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Unpaid power bill creates ‘a costly mess’ at Tshwane deeds office

Earlier in November, the Pretoria deeds office was shuttered for the better part of three days when its power was disconnected owing to an overdue payment of R3,646,904.99 owed by the landlord. This was verified by Tshwane spokeswoman Selby Bokaba, who said that the department of public works intervened and arranged for the debt to be paid – despite the fact that the department was not liable for the nonpayment.The closure of the deeds office in Pretoria after its electricity was disconnected could have a knock-on effect for the property industry, including estate agents, buyers and sellers. Stock image.

Public works minister Thami Mchunu explained that his department was not at fault and that it owed Tshwane no money for any properties leased on behalf of client departments. He said that the department had paid the landlord's invoices in full and was not in arrears. The landlord was the one who had neglected to pay the power bill.

Mchunu and Bokaba both said that electricity to the deeds office was restored when public works intervened and reached an undisclosed arrangement. Due to backlogs, the transfer procedure, which used to take eight to ten days, ended up taking an average of 14 or 15 days, according to a lawyer who contacts with the office on a regular basis, as well as an agency with branches across the provinces.See the source image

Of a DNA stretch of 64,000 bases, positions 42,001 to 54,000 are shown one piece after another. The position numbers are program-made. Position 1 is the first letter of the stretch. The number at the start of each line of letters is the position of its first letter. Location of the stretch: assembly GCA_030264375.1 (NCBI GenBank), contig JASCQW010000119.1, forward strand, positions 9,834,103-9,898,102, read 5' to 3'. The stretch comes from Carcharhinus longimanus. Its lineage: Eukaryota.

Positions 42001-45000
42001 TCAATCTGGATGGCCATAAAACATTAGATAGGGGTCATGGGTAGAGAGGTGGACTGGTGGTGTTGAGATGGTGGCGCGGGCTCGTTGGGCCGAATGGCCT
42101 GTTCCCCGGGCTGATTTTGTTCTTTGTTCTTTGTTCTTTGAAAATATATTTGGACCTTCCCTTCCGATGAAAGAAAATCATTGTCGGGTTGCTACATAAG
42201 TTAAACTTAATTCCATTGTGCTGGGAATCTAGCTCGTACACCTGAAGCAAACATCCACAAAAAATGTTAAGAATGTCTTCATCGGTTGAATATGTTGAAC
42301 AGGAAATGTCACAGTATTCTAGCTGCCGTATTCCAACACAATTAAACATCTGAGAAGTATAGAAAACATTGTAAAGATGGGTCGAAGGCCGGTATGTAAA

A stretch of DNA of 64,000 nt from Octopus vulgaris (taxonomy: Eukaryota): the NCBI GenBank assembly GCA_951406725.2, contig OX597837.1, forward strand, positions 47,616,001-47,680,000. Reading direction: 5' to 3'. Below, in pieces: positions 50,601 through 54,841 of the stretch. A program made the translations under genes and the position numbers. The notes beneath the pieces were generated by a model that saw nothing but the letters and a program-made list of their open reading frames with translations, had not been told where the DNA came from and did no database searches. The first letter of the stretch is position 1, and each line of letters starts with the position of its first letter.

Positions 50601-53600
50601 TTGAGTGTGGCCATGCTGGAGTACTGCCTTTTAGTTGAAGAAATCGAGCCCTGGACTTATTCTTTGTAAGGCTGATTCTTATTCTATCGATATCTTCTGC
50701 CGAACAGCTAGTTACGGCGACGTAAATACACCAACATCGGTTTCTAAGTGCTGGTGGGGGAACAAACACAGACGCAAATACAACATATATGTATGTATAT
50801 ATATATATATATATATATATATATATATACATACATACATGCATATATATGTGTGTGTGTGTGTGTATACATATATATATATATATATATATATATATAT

A week or more's delay in a single transfer might easily cost R100,000 in lost revenue and associated fees. When multiplied by the projected 66,000 homes valued at R1.2 million or more that change hands each year, deeds office bottlenecks cost house purchasers, sellers, the real estate sector, and the economy billions.

While electricity was restored to the Pretoria deeds offices, the metro acknowledged it owed R1,215,969,300.02 to government ministries and embassies, but was unable to identify the defaulters in accordance with the POPI Act. Bokaba said that the metro was now adopting a hard stance and disconnecting meters in arrears with the municipality on property taxes, water, and electricity services in order to guarantee revenue collection meets the mandated 95 percent level.See the source image

While the closure of the Pretoria deeds office lasted just three days, it pushed the total number of office shutdown days at SA's largest deeds office to at least 26 this year.


Unpaid power bill creates ‘a costly mess’ at Tshwane deeds office (

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Mchunu Pretoria Selby Thami Mchunu Tshwane


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